Researchers have discovered a significant link between musical synchronization and social connectedness. Analyzing the behavior of university students engaged in impromptu music-making, the study found that individuals who synchronized their musical rhythms felt a stronger sense of connection with their peers, highlighting music’s unique role in fostering social cohesion. The findings have been published in Psychology of Music.
Previous studies have indicated that music can establish and maintain social bonds, but the mechanics of how this happens were still shrouded in mystery. This study aimed to uncover the link between the physical act of making music together – specifically, synchronizing rhythms – and the feeling of being connected to others.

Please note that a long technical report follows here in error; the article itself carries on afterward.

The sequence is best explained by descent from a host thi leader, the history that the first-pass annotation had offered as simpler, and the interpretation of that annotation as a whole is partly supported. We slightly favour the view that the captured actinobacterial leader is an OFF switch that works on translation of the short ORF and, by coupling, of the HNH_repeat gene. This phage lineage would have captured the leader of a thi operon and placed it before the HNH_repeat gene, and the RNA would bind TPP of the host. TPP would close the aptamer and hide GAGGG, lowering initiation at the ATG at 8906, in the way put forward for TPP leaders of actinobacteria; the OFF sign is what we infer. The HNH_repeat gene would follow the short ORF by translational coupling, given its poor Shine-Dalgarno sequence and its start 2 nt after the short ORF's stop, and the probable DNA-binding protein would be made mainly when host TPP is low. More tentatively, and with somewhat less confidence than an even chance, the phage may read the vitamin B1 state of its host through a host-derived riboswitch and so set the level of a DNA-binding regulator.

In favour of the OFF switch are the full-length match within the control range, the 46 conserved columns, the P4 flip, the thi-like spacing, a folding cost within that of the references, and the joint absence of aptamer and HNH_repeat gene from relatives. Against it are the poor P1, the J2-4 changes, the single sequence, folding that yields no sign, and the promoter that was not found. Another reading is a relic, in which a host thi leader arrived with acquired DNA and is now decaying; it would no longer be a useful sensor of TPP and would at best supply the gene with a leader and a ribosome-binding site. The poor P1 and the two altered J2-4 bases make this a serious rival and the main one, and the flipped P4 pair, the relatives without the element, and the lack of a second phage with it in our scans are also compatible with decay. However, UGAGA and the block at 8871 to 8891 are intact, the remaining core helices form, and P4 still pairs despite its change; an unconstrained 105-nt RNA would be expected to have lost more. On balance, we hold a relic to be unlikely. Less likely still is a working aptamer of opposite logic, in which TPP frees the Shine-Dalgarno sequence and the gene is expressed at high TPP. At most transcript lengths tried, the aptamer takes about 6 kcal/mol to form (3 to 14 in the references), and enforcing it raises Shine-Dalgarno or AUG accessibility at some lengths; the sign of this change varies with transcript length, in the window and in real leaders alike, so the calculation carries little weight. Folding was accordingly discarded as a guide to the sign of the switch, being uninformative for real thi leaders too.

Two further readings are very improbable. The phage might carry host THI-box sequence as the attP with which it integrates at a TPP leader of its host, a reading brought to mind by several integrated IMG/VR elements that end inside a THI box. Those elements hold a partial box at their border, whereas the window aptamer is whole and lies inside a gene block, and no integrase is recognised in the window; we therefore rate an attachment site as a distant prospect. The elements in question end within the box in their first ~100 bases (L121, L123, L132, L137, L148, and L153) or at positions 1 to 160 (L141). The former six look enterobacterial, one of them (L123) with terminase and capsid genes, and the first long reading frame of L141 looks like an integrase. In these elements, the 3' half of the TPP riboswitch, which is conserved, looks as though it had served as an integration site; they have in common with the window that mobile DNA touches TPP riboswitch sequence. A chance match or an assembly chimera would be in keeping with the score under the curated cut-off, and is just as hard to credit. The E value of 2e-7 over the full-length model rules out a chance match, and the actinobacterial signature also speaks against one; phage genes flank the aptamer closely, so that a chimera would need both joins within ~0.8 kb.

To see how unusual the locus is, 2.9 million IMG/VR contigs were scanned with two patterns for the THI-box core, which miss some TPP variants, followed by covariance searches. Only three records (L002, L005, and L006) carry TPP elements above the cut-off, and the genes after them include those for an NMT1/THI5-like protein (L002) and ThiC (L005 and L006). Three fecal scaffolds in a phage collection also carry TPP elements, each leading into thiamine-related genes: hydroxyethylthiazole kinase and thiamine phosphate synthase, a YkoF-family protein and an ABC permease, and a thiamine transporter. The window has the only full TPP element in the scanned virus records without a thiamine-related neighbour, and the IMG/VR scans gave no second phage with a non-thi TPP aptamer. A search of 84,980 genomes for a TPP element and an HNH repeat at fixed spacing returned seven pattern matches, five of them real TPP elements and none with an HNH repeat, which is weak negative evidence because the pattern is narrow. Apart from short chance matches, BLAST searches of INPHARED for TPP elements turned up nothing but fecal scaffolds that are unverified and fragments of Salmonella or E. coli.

“I am interested in how being ‘in sync’ with other people through the experience of music-making and other forms of artistic expression supports a general feeling of connectedness to others, which in turn may support people’s well-being,” said study author Warren Mansell, a professor of mental health at Curtin University and director of the LEx Mental Health Research Group.
“There is good evidence that synchrony is involved in a range of everyday activities, yet the research in this area had either set a tempo for people to play to, or allowed people to communicate when performing which means they could have told each other to play in sync rather than the synchrony emerging purely through the interface of music.” [Continue reading…]